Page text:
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The Man vs. Franklin Park: How a Soapbox Speech Ban Helped the D.C. Community in 1951

Franklin Park in 1943
In 1951, the Interior Department banned soapbox orations from Franklin Park in Washington, D.C. after complaints from nearby businesses, hotels, and offices. Learn how this ban helped the community and the history behind it.
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Evidently, in the first half of the 20th century, Franklin Park was the place to go air your grievances with whatever entity was keeping you down (i.e., The Man). It was to the point in the early 1950s that it was a nuisance to the neighboring businesses, hotels, and offices.

Franklin Park in 1943
Franklin Park in 1943

Source: Library of Congress

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In April 1951, soap box orations were officially banned by the Interior Department. Below is an article, printed on April 10th, 1951 in the Washington Post.

Franklin Park, Sunday summer home of soap box speakers and their hecklers, no longer is open to public meetings.

Reason is that hotel men, rooming-house residents and business workers did some talking of their own to offifficials [sic] of the Interior Department’s National Capital Parks.

“If the orators had been content to speak in a normal tone and not use musical instruments to attract passersby their [sic] might not have been complaints,” said Edward J. Kelly, National Capital Parks superintendent.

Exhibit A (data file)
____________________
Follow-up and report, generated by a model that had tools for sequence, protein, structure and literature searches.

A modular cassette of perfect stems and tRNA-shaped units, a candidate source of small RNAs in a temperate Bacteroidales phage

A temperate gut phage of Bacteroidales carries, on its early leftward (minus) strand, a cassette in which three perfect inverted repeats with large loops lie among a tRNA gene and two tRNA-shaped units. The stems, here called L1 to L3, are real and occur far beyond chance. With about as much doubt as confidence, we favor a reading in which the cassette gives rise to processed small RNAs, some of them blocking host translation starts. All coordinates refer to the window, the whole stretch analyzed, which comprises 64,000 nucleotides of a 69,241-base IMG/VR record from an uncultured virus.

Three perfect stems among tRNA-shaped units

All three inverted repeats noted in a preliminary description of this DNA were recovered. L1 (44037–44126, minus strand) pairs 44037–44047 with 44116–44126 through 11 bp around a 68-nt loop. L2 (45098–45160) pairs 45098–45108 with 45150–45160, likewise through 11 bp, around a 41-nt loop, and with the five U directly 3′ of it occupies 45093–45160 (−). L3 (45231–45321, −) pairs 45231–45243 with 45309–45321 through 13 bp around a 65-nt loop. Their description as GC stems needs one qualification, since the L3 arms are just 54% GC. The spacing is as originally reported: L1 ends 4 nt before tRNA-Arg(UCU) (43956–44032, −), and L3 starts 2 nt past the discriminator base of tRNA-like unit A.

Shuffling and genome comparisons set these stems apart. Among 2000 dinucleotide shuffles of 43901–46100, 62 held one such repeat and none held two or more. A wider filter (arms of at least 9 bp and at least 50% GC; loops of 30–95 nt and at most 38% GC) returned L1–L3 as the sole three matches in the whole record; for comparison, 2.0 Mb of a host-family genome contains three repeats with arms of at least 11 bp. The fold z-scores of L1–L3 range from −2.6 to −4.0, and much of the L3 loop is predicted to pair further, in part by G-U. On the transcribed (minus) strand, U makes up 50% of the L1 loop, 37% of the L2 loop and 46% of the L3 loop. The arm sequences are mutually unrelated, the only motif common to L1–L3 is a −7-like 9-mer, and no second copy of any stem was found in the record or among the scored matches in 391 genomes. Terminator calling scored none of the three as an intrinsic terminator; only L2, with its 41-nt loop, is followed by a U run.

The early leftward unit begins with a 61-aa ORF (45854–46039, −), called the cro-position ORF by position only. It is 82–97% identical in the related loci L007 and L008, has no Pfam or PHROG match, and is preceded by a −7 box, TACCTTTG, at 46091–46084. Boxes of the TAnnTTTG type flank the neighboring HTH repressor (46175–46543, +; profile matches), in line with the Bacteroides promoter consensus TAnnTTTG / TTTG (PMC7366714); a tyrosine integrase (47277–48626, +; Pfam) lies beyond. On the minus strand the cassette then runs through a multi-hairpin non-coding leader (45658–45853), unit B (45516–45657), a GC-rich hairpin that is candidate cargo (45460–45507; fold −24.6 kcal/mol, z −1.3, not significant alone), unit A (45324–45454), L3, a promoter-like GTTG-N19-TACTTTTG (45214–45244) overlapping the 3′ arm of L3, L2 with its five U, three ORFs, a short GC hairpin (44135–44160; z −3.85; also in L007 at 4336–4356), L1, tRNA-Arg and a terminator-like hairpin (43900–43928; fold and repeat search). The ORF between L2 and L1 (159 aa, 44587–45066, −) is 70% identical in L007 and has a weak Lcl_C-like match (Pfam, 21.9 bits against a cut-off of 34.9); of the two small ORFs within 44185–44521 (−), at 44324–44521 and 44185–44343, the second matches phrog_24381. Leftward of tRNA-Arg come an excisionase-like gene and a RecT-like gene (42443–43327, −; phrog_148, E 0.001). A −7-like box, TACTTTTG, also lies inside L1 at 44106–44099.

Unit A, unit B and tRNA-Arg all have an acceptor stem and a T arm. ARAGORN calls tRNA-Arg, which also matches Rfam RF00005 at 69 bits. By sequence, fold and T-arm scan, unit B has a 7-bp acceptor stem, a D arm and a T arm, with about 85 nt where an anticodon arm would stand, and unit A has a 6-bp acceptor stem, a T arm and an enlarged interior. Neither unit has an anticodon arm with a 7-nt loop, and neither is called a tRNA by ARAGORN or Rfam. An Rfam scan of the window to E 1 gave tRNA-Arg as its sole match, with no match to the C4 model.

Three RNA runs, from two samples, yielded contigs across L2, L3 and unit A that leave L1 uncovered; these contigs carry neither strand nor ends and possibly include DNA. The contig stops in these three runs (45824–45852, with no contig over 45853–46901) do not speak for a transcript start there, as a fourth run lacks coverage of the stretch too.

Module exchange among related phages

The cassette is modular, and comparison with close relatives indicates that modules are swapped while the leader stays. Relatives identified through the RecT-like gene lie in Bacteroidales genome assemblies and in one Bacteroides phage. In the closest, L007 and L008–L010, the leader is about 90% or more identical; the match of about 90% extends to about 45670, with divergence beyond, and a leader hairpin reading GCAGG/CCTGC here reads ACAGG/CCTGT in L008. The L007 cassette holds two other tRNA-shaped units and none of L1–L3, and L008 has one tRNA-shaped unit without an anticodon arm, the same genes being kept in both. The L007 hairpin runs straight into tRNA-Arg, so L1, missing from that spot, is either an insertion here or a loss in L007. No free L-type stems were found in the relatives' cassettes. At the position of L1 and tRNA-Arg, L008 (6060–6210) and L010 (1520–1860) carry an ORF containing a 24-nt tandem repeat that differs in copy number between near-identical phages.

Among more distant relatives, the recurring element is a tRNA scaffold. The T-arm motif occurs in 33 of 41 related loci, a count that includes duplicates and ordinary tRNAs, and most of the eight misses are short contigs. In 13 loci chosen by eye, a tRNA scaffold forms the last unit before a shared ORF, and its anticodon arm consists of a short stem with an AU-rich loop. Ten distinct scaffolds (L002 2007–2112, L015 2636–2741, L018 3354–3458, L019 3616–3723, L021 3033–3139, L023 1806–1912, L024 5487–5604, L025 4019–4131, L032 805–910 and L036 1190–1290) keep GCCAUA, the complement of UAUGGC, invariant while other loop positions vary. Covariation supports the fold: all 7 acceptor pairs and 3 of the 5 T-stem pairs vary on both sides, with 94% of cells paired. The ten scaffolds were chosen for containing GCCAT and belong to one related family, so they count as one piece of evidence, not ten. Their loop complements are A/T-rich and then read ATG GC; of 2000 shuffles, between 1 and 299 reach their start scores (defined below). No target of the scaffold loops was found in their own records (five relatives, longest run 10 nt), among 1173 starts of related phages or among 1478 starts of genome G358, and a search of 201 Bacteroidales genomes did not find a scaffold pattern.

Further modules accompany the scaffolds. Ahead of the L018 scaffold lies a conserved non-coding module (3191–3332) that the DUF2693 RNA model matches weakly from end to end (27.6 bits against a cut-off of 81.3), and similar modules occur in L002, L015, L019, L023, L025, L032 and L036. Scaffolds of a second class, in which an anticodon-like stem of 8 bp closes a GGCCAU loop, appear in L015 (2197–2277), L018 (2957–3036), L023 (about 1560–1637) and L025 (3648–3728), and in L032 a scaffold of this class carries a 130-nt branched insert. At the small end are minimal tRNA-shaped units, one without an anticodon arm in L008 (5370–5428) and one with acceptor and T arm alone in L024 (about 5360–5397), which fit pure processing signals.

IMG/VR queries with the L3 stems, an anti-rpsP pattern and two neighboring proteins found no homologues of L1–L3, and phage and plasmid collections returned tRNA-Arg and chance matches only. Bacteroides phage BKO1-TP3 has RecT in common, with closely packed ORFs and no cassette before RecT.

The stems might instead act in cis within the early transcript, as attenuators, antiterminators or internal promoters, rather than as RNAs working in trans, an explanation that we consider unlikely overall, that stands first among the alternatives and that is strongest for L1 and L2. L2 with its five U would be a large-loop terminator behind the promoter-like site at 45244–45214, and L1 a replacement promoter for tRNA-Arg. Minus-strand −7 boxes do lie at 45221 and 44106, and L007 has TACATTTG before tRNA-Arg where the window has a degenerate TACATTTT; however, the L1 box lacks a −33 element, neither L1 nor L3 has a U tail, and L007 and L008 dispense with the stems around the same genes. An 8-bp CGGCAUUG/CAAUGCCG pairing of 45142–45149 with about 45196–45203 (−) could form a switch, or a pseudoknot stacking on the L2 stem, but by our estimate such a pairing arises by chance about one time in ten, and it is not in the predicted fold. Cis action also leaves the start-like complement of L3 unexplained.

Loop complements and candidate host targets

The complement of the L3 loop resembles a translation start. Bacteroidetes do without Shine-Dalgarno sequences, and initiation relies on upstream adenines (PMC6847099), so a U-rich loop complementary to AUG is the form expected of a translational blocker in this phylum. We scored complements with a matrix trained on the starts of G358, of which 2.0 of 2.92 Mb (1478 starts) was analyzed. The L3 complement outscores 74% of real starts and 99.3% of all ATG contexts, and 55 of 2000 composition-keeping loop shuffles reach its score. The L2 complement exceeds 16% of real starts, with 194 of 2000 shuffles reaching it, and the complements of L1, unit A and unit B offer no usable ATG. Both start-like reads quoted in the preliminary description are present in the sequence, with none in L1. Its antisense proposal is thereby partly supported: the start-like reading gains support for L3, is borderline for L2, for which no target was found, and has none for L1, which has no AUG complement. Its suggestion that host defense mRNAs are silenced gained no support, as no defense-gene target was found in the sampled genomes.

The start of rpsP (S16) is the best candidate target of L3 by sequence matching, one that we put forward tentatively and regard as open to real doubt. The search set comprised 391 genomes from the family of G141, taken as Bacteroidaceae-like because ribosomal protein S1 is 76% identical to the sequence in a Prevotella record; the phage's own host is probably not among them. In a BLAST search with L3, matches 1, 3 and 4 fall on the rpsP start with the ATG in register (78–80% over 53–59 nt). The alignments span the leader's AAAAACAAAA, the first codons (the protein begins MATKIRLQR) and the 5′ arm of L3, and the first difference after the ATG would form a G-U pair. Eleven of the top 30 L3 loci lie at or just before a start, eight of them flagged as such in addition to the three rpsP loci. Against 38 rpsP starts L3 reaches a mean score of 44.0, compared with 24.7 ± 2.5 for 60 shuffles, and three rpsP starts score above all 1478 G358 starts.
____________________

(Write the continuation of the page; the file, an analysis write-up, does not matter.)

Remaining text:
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The complaints, plus frequent fistfights, caused the decision to ban soap box orations at the park, between 13th and 14th sts. nw. Permits will be refused and park police told to break up any meetings.

However, Kelly made clear freedom of speech is not affected. The soap boxes, from which speeches on religion, world affairs, politics or any subject were delivered, may be moved to less troublesome areas, such as Judiciary Square or the Mall near Ninth st., provided permits are obtained.

At Judiciary Square court buildings should obstruct the noise, Kelly said. Since soap-box meetings usually are on Sunday, they wouldn’t interfere with court sessions he added.


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